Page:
In this case the instruments in writing, including the deeds of conveyances, when the spouses originally acquired the property and when Mrs. Sloper sold it to the Milans, and the contract of purchase, which transfers of title were procured and made by the appellant in the absence and without the knowledge of plaintiff, are not conclusive evidence that appellant owned the Holland Auto Court as her separate property. As between the spouses, her conduct and declarations as related by the plaintiff adequately support the findings and judgment of the court. Tomaier v. Tomaier, 23 Cal.2d 754, 757, 146 P.2d 905; Huber v. Huber, 27 Cal.2d 784, 788, 167 P.2d 708; Silverstein v. Silverstein, 76 Cal.App.2d 872, 876, 174 P.2d 486; Rogers v. Rogers, 86 Cal.App.2d 817, 195 P.2d 890; 41 C.J.S., Husband and Wife, § 489 c, page 1034. It is not necessary in support of findings and a judgment determining community interests of a husband and wife in property acquired after their marriage, to prove a previous express agreement between them that it shall become their community property. Oral evidence satisfactorily indicating that the spouses intended that it should be their community property is competent and adequate to support findings and a judgment to that effect. When an auto court is acquired by agreement of the spouses, and without knowledge of the husband the deed is taken in the name of the wife only, but the property is occupied and operated as a business by both spouses who make valuable improvements and repairs and pay installments on the purchase price from the receipts of the business, the conduct and admissions of the spouses are competent evidence that it was intended by them to become their community property. The presumption created by the deed in the name of the wife only is rebutted by the conduct and declarations of the grantee. In Huber v. Huber, supra, 27 Cal.2d at page 788, 167 P.2d at page 711, it is said in that regard: ‘* * * It is likewise true that parol evidence is admissible to establish the absence of an intention to make a gift of either separate or community property, although the instrument of conveyance is made by the husband to the wife alone or as joint tenant with him or is from a third person to the wife or to both as joint tenants at the husband's direction in cases where there is no showing of fraud, mistake or undue influence. [Citing authorities.]’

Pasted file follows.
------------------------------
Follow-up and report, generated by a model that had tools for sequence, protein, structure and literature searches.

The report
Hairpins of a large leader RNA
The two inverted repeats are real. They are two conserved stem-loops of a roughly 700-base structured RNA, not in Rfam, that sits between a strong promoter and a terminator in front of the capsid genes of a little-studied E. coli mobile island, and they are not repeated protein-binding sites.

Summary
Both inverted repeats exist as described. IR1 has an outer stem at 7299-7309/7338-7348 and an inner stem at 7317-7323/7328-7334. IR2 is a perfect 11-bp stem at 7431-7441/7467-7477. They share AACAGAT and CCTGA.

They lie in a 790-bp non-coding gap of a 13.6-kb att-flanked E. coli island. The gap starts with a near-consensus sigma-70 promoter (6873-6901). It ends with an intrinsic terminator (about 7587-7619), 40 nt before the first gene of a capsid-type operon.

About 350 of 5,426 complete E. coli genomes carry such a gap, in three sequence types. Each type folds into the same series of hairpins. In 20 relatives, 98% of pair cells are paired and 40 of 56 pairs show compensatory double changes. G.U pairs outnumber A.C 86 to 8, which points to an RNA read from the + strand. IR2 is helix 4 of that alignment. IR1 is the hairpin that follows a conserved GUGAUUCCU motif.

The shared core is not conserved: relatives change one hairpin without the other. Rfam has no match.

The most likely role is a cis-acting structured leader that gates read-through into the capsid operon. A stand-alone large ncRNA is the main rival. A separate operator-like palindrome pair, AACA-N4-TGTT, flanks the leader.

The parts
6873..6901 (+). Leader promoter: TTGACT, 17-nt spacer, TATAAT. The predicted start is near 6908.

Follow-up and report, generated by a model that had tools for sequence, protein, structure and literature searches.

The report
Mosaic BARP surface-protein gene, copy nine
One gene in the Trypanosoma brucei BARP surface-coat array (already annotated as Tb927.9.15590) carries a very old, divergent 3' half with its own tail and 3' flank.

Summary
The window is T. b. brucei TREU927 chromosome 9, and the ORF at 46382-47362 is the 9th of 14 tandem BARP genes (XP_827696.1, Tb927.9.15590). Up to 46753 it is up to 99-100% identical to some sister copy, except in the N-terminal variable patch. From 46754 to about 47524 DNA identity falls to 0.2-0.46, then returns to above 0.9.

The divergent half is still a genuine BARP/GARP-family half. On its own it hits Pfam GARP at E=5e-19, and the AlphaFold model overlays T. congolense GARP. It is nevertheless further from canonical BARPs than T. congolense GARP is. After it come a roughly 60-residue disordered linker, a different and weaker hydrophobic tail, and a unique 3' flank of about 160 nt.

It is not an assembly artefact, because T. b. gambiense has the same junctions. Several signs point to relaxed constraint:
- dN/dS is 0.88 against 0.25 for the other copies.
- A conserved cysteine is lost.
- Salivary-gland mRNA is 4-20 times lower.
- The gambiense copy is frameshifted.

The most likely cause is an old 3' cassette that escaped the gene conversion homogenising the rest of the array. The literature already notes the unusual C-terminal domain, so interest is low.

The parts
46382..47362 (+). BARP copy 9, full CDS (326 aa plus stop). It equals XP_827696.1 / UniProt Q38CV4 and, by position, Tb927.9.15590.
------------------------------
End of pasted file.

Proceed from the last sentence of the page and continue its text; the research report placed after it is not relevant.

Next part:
Numerous California cases declare that principle. In Rogers v. Rogers, supra, [86 Cal.App.2d 821, 195 P.2d 892] it is said: